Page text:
I’m running a mile each day everyday for 2017. If you feel you can sponsor me please do, as all the money raised will go to the Cleft Lip & Palate Association (CLAPA) who provide services all across the UK to support people affected by it.

Distance: 5206.3 meters recorded

(1 mile = 1609.34 m.)

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Thanks as ever for all the support!

Ed

Day 286 Mile 286: Unsurprisingly Wet

Dinorwic MarinaDay 286 Mile 286: Unsurprisingly Wet. If you travel between two place for long enough eventually those pathways seem to become ossified; it is easy to engage with life at points A and B and simply ignore the space in between as a conduit in space and time linking those two nodes.

However between work and meetings today I managed to sneak the time and turn off the by-pass and explore somewhere I have never been. The town of Y Felinheli has its origins in two hamlets, Tafarngrisiau near St Mary’s Church and Aberpwll to the north-east end of the settlement, where there was a mill on the Afon Heilyn. The mill was rebuilt closer to the sea in 1633 and its name, Aber y felin gave the area its name. The area was largely agricultural until the area was transformed by slate quarrying in the 19th century. A new dock was built in 1828 when lime was extracted at Brynadda and slate and lime were loaded and anthracite slack was brought in to fire the lime kilns.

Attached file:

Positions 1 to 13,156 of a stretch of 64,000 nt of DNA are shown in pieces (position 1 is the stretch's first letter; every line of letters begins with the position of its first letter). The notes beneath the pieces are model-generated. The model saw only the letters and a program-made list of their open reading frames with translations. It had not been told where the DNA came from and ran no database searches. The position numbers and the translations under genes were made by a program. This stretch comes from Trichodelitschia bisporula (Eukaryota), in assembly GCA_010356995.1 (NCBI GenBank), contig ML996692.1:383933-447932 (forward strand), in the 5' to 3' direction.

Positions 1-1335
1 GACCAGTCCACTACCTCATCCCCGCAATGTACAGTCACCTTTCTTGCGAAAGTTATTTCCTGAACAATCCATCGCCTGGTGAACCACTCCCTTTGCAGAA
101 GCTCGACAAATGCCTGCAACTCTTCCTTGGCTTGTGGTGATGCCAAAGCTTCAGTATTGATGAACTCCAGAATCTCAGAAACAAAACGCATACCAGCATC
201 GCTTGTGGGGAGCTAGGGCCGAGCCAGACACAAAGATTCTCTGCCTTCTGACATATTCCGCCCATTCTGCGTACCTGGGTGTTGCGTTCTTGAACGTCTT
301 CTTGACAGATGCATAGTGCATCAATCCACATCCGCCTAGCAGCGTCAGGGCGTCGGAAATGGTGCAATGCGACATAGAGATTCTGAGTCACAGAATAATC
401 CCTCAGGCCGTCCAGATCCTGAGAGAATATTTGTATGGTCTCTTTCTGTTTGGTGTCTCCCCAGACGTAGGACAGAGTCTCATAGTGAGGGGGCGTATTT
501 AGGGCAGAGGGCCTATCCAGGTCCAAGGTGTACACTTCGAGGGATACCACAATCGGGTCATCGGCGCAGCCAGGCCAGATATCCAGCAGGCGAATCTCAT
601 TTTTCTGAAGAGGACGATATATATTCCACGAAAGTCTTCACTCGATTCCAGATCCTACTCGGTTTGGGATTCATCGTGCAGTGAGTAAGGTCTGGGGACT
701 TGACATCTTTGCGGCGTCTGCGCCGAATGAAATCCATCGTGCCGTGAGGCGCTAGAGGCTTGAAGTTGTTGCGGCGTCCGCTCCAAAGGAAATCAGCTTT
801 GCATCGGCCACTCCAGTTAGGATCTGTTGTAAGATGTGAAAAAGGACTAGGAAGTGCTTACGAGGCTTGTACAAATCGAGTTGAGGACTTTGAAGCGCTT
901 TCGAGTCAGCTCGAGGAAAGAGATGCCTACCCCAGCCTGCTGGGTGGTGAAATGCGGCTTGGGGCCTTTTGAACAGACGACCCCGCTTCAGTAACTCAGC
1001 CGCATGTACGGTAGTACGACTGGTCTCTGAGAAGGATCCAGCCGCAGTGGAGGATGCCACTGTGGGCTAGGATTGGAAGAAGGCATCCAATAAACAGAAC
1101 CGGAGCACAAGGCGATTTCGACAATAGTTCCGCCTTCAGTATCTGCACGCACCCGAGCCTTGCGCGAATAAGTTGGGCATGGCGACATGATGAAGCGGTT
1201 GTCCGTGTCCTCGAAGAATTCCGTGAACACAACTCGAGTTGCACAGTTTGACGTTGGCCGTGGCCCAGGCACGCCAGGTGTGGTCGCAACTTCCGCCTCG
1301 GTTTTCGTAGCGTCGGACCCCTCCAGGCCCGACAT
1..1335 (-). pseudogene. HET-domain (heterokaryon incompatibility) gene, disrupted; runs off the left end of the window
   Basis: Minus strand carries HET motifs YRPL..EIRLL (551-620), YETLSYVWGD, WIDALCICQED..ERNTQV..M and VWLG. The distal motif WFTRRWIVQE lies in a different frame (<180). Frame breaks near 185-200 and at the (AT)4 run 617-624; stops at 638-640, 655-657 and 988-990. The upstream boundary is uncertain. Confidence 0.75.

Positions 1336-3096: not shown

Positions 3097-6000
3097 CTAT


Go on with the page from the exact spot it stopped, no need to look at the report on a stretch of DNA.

These days the harbor  is a centre for pleasure boating and sailing and retains many of the traditional businesses, including rigging and sail making.

It’s a beautiful place and I’m sure that on a sunny day it would be a wonderful place to linger by the water. Having parked up by the marina, lowering the tone between the Porsches and Aston Martins I started today’s run from the very end of the sea wall.

There is a wonderful aesthetic to running along such an exposed promontory and it feels great, charging into the wind overlooking the harbour on one side and the open sea on the other. Then the skys opened. It went through my mind that one could not really expect a marina not to be wet, but this was scant consolation at the time.

Turning up into the town past the newspaper shop, pub and bookies the facades take on an almost iridescent glow are the plummeting stair rods of cascading precipitation leech the colour out of the rest of the world. Clothes and shoes are instantly soaked and sticking, and cars tyres go through the water with a hiss like a doppler affected fry up.